Africa OJS Mailing list
To make communication with one another easier, I was thinking to invite you to join a Google Group (mailing list) for OJS users. Completely optional, and for all to use, to ask, exchange info about OJS, and more. No other objective than to make communication easier. And it will belong to all equally, evolving organically. J I love the PKP approach of allowing all to evolve organically, without trying to control things too much.

All in all it was such a great experience, and it was great sharing all the SA initiatives with others from all over the world. Proud of all the work all have been doing and continue doing ….


Takeaways from the CODATA-RDA Summer School in Trieste, Italy, 7-21 July 2017

During the past 2 weeks I had the opportunity to participate in a CODATA-RDA Summer School on Open Science and Open Data at the International Centre for Theoretical Physics (ICTP). Thank you ASSAf for this great opportunity!

The main takeaway from this workshop of 2 weeks: Science is becoming increasingly data driven, and roles, responsibilities, skills so dynamic. Constant adaptation needed, and the only way to stay abreast lifelong self-learning. Expertise develops with time, if you are prepared to up-skill yourself and open yourself for new learning.

Some suggestions:

Things are moving quite fast, and according to research we need much, much more data to inform new trends, find solutions to problems.

We only become experts if we are prepared to learn new things. Nothing static anymore.

I also made use of the opportunity to do an impromptu presentation on the African Open Science Platform on the Monday evening 🙂

My journey as LIASA Librarian of the Year continues ….


Don’t wait for things to happen, and wait for someone else to make it happen. Go out yourself and make things happen, be that someone. This is an important wisdom I would like to carry with me for the rest of my life. LIASA offers an excellent platform to reach out and influence directions of the profession in many ways. When I was awarded Librarian of the Year, I took the decision to use the award money to start a business for something I believe in and am passionate about. The business is called In the Cloud, and currently in the process of being SAQA accredited. Through this business I would like to help librarians, teachers, learners and more to become digital citizens, having the necessary skills to know which tools to use when, and for which purpose. I would like to once again thank the LIASA Librarian of the Year sponsors for awarding me the title, and to the Gauteng North Branch for electing me and having me representing them.

Once one has decided to make something happen, it can only be a success if you work as part of a team and if others share the same passion. During the week of 3 to 7 July, In the Cloud, SAPNet (one of the sponsors of the LIASA Librarian of the Year award), the Blue Bus Community Ministries and Hindle High School in Delft, Western Cape, put together efforts to present a digital citizenship course to Grade 11 and 12 learners from the Hindle High School. Thank you SAPNet for your valuable sponsorship – the learners enjoyed the food (breakfast, tea, lunch) served every day so much, and thank you for renting laptops so that each learner could have a hands-on experience. The computers of the school were unfortunately stolen, and the school does not have the money to replace it at this stage. Thank you Hindle High School and staff for allowing us to present this workshop to the learners, for allowing us to use the school classroom and staff room, as well as the school Internet to do the training. Thank you Blue Bus Community Ministries for the special work you do in uplifting conditions and learners in the community, and for making this possible, together with the other stakeholders. And then – thank you to my business partner for In the Cloud and her willingness to make this dream come true. We took personal leave to conduct this training, and also paid our own flights, car rental and accommodation while in the Western Cape. All in all this intervention was extremely successful, because of the work of people who were prepared to make things happen. Not only did the learners benefit, but personally I have experienced so much determination, and eagerness among the learners to learn as much possible. They even sacrificed the first week of their school holiday to attend the workshops each day from 9:00 in the morning until 16:00 in the afternoon.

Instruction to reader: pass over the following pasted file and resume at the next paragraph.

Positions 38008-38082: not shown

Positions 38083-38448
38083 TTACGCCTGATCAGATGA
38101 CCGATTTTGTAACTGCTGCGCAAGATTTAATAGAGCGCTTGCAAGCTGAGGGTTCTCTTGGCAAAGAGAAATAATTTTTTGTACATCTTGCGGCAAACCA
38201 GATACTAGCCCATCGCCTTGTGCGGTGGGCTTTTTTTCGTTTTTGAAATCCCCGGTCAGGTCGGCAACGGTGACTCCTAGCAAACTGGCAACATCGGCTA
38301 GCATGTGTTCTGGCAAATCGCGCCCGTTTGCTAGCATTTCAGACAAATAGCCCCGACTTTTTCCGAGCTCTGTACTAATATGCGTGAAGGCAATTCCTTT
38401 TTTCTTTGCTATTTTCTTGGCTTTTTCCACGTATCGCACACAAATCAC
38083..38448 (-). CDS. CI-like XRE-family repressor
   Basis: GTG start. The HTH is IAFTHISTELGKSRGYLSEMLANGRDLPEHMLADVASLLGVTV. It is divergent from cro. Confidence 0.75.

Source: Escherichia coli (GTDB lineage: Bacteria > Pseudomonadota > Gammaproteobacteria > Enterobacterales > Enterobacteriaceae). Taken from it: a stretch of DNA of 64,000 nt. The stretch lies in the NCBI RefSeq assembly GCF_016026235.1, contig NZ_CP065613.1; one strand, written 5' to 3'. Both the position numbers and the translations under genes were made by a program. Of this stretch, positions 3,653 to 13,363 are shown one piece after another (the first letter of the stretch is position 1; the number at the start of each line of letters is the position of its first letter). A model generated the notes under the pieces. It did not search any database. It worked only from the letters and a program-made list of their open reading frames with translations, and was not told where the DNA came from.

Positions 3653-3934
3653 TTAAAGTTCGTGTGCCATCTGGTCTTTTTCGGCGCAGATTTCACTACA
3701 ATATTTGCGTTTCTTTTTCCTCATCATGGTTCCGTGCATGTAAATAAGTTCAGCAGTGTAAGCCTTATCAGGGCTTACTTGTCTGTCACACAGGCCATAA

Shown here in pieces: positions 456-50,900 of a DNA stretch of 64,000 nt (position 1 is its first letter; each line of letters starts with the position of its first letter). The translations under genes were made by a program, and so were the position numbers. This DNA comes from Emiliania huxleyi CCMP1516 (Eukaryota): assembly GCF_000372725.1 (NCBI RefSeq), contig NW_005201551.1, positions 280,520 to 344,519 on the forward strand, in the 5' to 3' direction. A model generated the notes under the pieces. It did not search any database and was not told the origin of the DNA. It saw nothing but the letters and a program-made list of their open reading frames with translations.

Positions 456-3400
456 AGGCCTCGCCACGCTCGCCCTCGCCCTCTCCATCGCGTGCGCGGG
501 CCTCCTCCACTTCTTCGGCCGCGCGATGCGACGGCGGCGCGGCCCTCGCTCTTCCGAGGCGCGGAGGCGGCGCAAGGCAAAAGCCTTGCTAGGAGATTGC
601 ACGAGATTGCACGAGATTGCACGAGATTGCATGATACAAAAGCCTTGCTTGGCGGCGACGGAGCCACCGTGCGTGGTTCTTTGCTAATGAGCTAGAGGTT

Photo & design by Monet Smith Photography

Each day started with rusks and coffee, followed with a recap of work done the previous day. This would be in the form of questions and answers, and a group quiz on Wednesday caused huge excitement! The program covered the following, which was contextualized specifically for the needs experienced by grade 11 and 12 learners:

  • What is digital citizenship?
  • The world of work and my options following school, incl. entrepreneurship
  • Creating a business logo using Paint
  • Word processing using Word, incl. typing my CV
  • Using Excel to compile a budget and keep track of finances
  • Creating a slideshow with PowerPoint
  • Accessing the Internet using web addresses, and completing an online evaluation form
  • Life skills, incl. self-confidence, presenting, self-care and more
  • The power of webinars